If, like me, you’ve spent any time at all writing poetry, you’ll understand the buzz that comes from acceptance. Whether it’s hearing someone yell out ‘Nailed it!’ after you’ve performed one of your poems in public, receiving a letter from a journal or webzine informing you that they’d love to feature your work, or having one of your poems printed on a large poster and displayed in a bus shelter, there’s something special about the poetry contact high.
Experience such acceptance often enough, and you might just manage to have the confidence and props to submit a manuscript for publication. In my case, I’ve been very lucky. My first book, We Will Disappear, was reviewed three times. I was, of course, stoked to have been reviewed at all. But that was back in 2007. A lot has changed since then. For a start, it looks like my publishers, papertiger media, forgot to renew their web domain, and it’s now been taken over by a cyber-squatter. Which is sad, but what can you do? Just move on, I guess, and cherish the book (and those reviews).
Fast-forward six years, to the release of Leaves of Glass. To be honest, having lived outside Australia for those six years, I didn’t expect the book to garner any reviews at all. However, over the course of the past 12 months (this is poetry, after all) the book has been reviewed in not three but five publications: Australian Book Review (a shortie), Cordite Poetry Review (a longie), the Weekend Australian (together with two other books), Westerly (together with around a dozen other books) and Southerly (another longie). Phew!
To recap, for the uninitiated, Leaves of Glass is a book of poems (47 in all) based on actual correspondence between American ‘Dead Poets Society’-inspiration Walt Whitman (W.W.) and Aussie no-hoper poet Bernard O’Dowd (B.O’D.). These two cats wrote letters to each other in the 1890s in which they poured their hearts out to each other and generally raved on.
Graeme Miles, writing in Australian Book Review, sez:
Leaves of Glass, David Prater’s second collection, vividly imagines this long-distance relationship. This is not, however, a historical novel in verse. It refracts the correspondence through a perpetually shifting series of voices and forms, from heavily ironic, mock-traditional ones (‘Treading: An Air’) to the language of personal columns. There is even a translation of Whitman’s ‘O Captain! My Captain!’ into the language of LOLcats, that is, rewriting the poem as though by a cat (‘Gowayz Ob Lol: “O Kitteh! Meh Kitteh!”’). Despite having some sharp literary and cultural observations to make, there is nothing precious or stuffy about this book.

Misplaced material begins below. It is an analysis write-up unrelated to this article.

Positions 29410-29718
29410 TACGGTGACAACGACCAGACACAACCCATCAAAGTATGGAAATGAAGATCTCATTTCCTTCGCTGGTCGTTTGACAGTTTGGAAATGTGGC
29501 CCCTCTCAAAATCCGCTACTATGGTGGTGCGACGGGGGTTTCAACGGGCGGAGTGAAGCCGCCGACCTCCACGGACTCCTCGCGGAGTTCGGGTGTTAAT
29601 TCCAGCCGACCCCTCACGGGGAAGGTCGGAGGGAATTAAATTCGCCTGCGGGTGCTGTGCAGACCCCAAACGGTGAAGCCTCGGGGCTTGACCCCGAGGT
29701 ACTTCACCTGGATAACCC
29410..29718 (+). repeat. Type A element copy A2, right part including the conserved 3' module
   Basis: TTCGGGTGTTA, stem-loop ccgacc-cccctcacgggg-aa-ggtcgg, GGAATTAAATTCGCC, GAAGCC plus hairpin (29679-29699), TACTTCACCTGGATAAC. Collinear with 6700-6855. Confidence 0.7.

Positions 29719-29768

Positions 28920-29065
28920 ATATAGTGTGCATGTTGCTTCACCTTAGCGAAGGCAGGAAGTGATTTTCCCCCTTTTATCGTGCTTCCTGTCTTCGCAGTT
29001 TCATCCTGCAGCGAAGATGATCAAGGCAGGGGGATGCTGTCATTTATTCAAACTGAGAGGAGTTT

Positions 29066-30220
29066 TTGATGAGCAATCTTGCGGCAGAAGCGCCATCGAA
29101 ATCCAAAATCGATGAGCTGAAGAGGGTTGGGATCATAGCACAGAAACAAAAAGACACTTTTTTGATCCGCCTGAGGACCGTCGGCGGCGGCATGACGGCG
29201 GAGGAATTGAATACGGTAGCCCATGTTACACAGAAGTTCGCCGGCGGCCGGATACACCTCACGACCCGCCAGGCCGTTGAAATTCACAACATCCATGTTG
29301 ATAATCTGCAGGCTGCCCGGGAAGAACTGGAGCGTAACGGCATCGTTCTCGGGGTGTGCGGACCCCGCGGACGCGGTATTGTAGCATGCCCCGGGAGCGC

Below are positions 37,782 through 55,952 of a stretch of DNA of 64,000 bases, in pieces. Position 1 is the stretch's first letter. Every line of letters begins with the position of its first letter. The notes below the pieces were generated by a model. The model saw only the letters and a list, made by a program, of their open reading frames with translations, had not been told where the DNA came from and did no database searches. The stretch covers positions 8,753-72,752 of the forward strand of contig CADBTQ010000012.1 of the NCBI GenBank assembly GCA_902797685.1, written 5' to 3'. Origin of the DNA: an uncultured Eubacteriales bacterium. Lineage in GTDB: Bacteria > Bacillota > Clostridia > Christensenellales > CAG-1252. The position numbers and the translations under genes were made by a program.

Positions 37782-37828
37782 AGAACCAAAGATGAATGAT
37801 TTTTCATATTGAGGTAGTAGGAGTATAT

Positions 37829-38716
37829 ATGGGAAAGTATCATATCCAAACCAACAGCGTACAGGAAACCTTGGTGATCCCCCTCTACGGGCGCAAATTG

Sally Evans, writing in Cordite Poetry Review, opines:
This collection showcases Prater’s capacity to deploy a variety of different poetic forms and voices while maintaining a compelling sense of narrative. The O’Dowd–Whitman correspondence provides scaffolding for this collection, which is nevertheless a masterful engagement with complex poetic techniques of voice and structure. Leaves of Glass is not an easy book, though it is highly rewarding, especially to a reader with some familiarity with Whitman’s work.
However, this is far more than a stuffy exercise in poetic biography. The adept portrayal of two distinct personalities, particularly the troubled O’Dowd, and the carefully crafted language throughout the collection, ensures that the reader is engrossed and delighted with every new experiment.
Fiona Wright, writing in the Weekend Australian, reckons:
But Prater never allows this playfulness to tip into silliness, and balances these more mischievous poems with a real tenderness and warmth, as well as a pervading sense of pathos and even eroticism in the correspondence. So too do the poems develop to touch upon the strange concept of poetic ambition (the poem A.821.3 refers to the eponymous library classification number as ‘‘that place where we all someday hope to die’’), as well as to open out O’Dowd and Whitman’s relationship to reflect the even stranger one between contemporary Australia and the US.
Leaves of Glass is a linguistically and structurally nimble work, constantly surprising and definitively idiosyncratic.
John Hawke, writing in Westerly, observes:
The best of these reinscriptions of both O’Dowd and Whitman take their parodic cue from the poets’ reliance on vatic metaphors, upon which Prater extemporises to absurd length. This is deconstructive poetry in a direct sense, interrogating the claims of nationalism and liberal humanism encoded within these tropes for their echoes of militarism and the ANZAC mythos that followed the utopianism of the 1890s … Prater is merciless in pinpointing the atavism that binds our current version of nationalism to its nineteenth century archetypes—the virtue of this book is that it so effortlessly inhabits both periods simultaneously.
Finally, Liam Ferney, writing in Southerly, declares:
Prater is alive to the way digital, whether through memes, social media, emails or other channels, is changing the way we communicate and I can’t think of another Australian poet more determined to position poetry at the centre of the exploration of this change.
Leaves of Glass is a complex, dense and multi-faceted book, but the premium Prater puts on fun means it is always a rollicking read. It is a book that is serious but never takes itself too seriously.
All of which leaves me slightly dizzy with appreciation. I have to admit that, on reading each of these reviews, my inner acceptance addict was whispering ‘Can I get a “HELL YEAH”?’ But why trust the reviews alone? Why not buy a copy of Leaves of Glass today and find out for yourself, before the Puncher and Wattmann website disappears forever!